Build a team that will work toward accomplishing the plan.

Malcom Chakery

The Motives Behind Church Planning

“You cannot inspect what you do not expect.” (Bud Wrenn, Pinnacle Coaching and Consulting Group) No matter what you do in ministry, if you wish to be successful, you need to have a plan. Regardless of your denomination, you should take the time to plan what you want your church to look like at a future date. That way you can determine if an action is truly effective.

You will need more than just a plan; you will need a way to convey your vision to others. You may opt to do this through staff meetings and retreats, through monthly newsletters, or with a custom printed booklet. You might also choose to have quarterly meetings where the church staff and the congregation gather to exchange ideas, ask questions, discuss current projects and explain future plans. Any of these methods work great for building a team that is working toward accomplishing the plan.

Involving everyone in the process is helpful; however, when an idea is in its early stages, you may wish to only share it with your “inner circle” that can then help to develop a cohesive plan. To help keep everyone on task, consider using printed calendars. These will help your congregation catch the vision even easier. (After all, the majority of people are visual learners.)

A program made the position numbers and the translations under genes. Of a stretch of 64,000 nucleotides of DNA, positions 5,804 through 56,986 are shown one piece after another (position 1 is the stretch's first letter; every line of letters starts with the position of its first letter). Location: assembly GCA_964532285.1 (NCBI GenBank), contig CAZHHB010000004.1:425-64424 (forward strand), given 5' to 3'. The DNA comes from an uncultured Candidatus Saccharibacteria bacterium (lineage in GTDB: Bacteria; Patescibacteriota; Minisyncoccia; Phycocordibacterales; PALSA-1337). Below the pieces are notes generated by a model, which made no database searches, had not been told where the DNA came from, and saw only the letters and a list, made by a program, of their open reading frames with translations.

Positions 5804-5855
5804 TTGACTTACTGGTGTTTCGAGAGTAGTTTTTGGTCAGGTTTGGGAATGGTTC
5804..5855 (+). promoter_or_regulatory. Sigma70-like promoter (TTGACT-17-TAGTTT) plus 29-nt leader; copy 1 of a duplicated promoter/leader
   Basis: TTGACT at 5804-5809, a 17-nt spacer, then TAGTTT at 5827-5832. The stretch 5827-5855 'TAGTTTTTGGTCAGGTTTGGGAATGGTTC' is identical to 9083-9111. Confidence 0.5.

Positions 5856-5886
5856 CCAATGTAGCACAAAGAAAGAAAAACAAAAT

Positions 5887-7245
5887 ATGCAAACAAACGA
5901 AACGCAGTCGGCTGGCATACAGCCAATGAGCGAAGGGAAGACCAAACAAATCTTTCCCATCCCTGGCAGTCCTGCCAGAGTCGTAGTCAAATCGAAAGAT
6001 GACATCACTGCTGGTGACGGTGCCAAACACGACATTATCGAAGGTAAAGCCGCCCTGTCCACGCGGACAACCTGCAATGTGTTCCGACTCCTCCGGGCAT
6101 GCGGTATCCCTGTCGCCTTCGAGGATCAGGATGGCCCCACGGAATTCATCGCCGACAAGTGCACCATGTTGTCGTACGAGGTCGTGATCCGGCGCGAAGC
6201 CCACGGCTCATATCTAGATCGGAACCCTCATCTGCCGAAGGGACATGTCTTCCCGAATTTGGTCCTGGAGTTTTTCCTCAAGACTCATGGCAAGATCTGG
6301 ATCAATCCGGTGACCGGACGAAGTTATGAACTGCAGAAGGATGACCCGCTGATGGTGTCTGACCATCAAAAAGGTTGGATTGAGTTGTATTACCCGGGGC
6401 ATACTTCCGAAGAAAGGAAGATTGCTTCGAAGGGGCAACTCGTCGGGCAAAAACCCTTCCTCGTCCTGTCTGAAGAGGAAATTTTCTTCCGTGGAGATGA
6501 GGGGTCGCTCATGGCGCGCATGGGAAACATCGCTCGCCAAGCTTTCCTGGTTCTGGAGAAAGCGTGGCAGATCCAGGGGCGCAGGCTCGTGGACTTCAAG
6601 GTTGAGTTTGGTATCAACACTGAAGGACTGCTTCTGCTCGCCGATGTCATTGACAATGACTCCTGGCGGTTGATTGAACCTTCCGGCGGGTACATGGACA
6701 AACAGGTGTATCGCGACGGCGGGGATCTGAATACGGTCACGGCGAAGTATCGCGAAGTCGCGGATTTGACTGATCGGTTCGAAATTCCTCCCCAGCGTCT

Think about how an advertising agency promotes a new product. They explain to the consumer what the product is, show how it can be beneficial and then tell the consumer what they must do to obtain said item. Ministries often overlook the value of church marketing. They may have the best idea ever, but if no one understands or is aware of the plan, then the idea will fall by the wayside.

With a clear plan, easy to read visuals that encourage involvement, and an attainable goal, you will now be able to inspect the expectations. You will be able to work toward your goal and easily assess what else might be needed to reach it. First though, your congregation must understand the direction of the ministry. As the congregational leaders work with the church staff and the plan is developed and accomplished, people get excited and more will choose to volunteer.

Take the time to plan, then bring your staff and congregation on board with the plan. This is an important part of a successful ministry. As you put together your plan, be sure to consider a wide range of approaches and then decide what ways you and the team think the goal can best be reached. Then, be sure you are doing all you can to promote your plan. At a future date you will be able to inspect where you are and know how to move ahead.

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